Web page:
The code P0153 - O2 Circuit Slow Response (Bank 2, Sensor 1) has the same meaning, but refers too the front oxygen sensor of the bank 2.
P0134 - Oxygen (A/F) Sensor No Activity Detected (Bank 1 Sensor 1)
The code P0134 means that the engine computer (ECM) has detected that the signal from the front oxygen sensor or the air/fuel (A/F) ratio sensor does not change for a certain time when the necessary conditions (engine temperature, rpm, etc.) are met. Read more: OBDII Code P0134 »
P0135 - O2 Sensor Heater Circuit (Bank 1 Sensor 1)
An air fuel ratio (A/F) sensor has a built in electric heating element. The code P0135 indicates a malfunction with the A/F sensor heating element. Read more: Code P0135
P0136 - O2 Sensor Circuit Malfunction (Bank 1 Sensor 2)
Rear Oxygen Sensor
A rear oxygen sensor (Sensor 2) is installed in the exhaust after the catalytic converter. The term Bank 1 typically refers to the bank containing cylinder 1. Read more about an oxygen sensor and what means "Bank 1 Sensor 2" here: Oxygen sensor - illustrated glossary.
The engine computer (ECM) uses the signal from the rear O2 sensor to monitor the catalytic converter efficiency. Normally the rear oxygen sensor's voltage changes slightly when the fully warmed-up engine is accelerated (rich mixture) or decelerated (lean mixture). If the voltage from the rear O2 sensor doesn't change as expected for a certain period of time, the code P0136 is set. This could be caused by a faulty oxygen sensor itself, corrosion in the sensor connector, problem with the sensor wiring, exhaust leak or a number of other causes. Sometimes a too lean or too rich condition can trigger the code P0136. In some cases, a problem with the front O2 sensor or air/fuel sensor or the catalytic converter can also cause the code P0136.
The code P0156 O2 Sensor Circuit Malfunction (Bank 2 Sensor 2) has the same meaning, but it relates to the rear oxygen sensor of the bank 2.
P0141 - O2 Heater Circuit (Bank 1, Sensor 2)
The code P0141 woks the same way as P0135, but it's related to the rear O2 sensor (Sensor 2) of the Bank 1. Again, it could be the oxygen sensor itself, the wiring problem, low battery, and many other things.
For example, A technical service bulletin for 1996-99 Honda Civic mentioned the problem where the engine wiring harness is rubbing on the intake manifold bracket in the back of the engine causing the code P0141 along with some other codes and blown fuse.
A while ago my 2003 Honda Accord threw the check engine light with the code P0141, I just replaced the rear O2 sensor, cleared the code and the problem was fixed.
Read more about Oxygen Sensor.
P0153 - O2 Circuit Slow Response (Bank 2, Sensor 1)
See the code P0133.
A: In this case, I'd certainly start with the code P0174. The code P0174 means the air-fuel mixture is lean, which can cause the code P0153 to set. The Bank 2 is a driver's side in F150 if I remember correctly. Check for vacuum leaks, there are not uncommon in F150: you may hear it as a hissing noise from under the hood. Sometimes, you can see a vacuum pipe or a PCV pipe rubbed through creating a vacuum leak. If you or your mechanic has a scan tool, check the Long Fuel Trim and Short Fuel Trim on Bank 1 and Bank 2. The fuel trim shows whether the mixture is rich or lean. If the air-fuel mixture is normal at high rpms but leans out at idle, most likely you have a vacuum leak. If it's always lean, you may have some other problem. A bank 2 sensor 1 is the oxygen sensor on the driver's side before catalytic converter. If the mixture shows lean at high rpms and at idle, the oxygen sensor could be bad.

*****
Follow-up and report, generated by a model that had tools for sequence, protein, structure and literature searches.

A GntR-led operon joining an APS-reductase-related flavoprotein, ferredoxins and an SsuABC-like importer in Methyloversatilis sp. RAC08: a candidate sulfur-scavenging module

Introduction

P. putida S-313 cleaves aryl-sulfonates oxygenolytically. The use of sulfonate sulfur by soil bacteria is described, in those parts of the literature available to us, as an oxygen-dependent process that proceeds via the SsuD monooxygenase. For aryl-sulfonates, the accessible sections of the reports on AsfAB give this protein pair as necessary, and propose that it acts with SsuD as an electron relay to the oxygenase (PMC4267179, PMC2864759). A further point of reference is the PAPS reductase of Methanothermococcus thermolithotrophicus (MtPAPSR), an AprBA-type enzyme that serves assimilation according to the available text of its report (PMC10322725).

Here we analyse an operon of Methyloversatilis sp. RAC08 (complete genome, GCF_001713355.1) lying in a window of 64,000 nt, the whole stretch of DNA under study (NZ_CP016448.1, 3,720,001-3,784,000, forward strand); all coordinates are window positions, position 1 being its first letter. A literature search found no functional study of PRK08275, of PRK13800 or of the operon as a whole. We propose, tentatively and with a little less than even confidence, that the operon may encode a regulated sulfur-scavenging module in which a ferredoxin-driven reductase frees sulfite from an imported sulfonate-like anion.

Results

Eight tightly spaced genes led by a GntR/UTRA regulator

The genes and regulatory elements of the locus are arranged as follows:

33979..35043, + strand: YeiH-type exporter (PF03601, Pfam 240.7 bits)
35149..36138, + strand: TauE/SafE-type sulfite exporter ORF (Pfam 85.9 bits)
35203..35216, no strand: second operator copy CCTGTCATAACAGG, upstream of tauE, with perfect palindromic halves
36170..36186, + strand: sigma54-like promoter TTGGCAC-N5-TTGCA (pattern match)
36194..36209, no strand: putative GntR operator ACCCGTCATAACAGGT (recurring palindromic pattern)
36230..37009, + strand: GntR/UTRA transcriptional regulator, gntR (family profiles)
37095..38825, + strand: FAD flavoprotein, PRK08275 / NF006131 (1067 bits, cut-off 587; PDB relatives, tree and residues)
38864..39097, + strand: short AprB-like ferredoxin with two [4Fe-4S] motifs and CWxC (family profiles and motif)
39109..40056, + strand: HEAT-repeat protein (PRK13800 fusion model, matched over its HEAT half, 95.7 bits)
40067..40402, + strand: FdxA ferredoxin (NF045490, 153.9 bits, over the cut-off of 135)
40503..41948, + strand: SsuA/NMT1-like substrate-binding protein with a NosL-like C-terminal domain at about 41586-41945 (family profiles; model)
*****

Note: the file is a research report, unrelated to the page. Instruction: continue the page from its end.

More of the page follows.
P0154 - O2 Sensor Circuit No Activity Detected (Bank 2 Sensor 1)
See the code P0134.
P0155 - O2 Sensor Heater Circuit (Bank 2 Sensor 1)
The code P0155 works the same way as the fault code P0135, but it's related to the front O2 sensor (Sensor 1) of the Bank 2.
P0156 - O2 Sensor Circuit Malfunction (Bank 2 Sensor 2)
See the code P0136.
P0161 - O2 Sensor Heater Circuit (Bank 2 Sensor 2)
The code P0161 has the same meaning as the trouble code P0135, only for the rear O2 sensor (Sensor 2) of the Bank 2.
P0170 Fuel Trim Malfunction (Bank 1)
The code P0170 means that the air-fuel mixture coming in to the engine is too lean, or too rich. Usually it's the lean condition that causes this code. The code P0173 means the same, only for the Bank 2. Some car manufacturers list the description for the code P0170 as self adaptation out of limits.
The code P0170 could be caused by a number of reasons, such as vacuum leaks, bad PCV valve, or other parts of crankcase ventilation system, low fuel pressure, bad oxygen sensor, etc.
The code P0170 Fuel Trim Malfunction (Bank 1) is common in European models. Often a car may exhibit stalling, hesitation and rough idle.
In BMW vehicles vacuum leaks from cracked rubber intake air boot is a common occurrence. The intake air boot connects the air filter box with the intake manifold. Problem with positive crankcase ventilation components also can cause vacuum leaks. The mass airflow sensor problems are also not uncommon.
In some Mercedes-Benz vehicles besides other reasons, a bad mass airflow sensor can cause the code P0170 Fuel Trim Malfunction (Bank 1), as well as P0173 Fuel Trim Malfunction (Bank 2).
To find the exact reason in your car, your mechanic may need to check your vehicle for vacuum leaks, test the mass airflow sensor readings with the scan tool, check fuel pressure, as well as few other things. Read more about Mass Air Flow (MAF) sensor. If the new mass airflow sensor is installed, make sure the air filter is installed properly, as the sand particles coming with the unfiltered air can damage the airflow sensor.
P0171 - System Too Lean (Bank 1)
The code P0171 means that the air-fuel mixture coming in to the engine is too lean, or there is too much air and too little fuel. This could be caused by a number of reasons, such as bad air flow sensor, low fuel pressure, plugged fuel filter, worn fuel pump, vacuum leaks, exhaust leaks, etc.
The code P0174 - System Too Lean (Bank 2) means the same, only for the Bank 2. Read the full article: P0171 - System Too Lean
P0173 - Fuel Trim Malfunction (Bank 2)
See the code P0170.
P0174 - System Too Lean (Bank 2)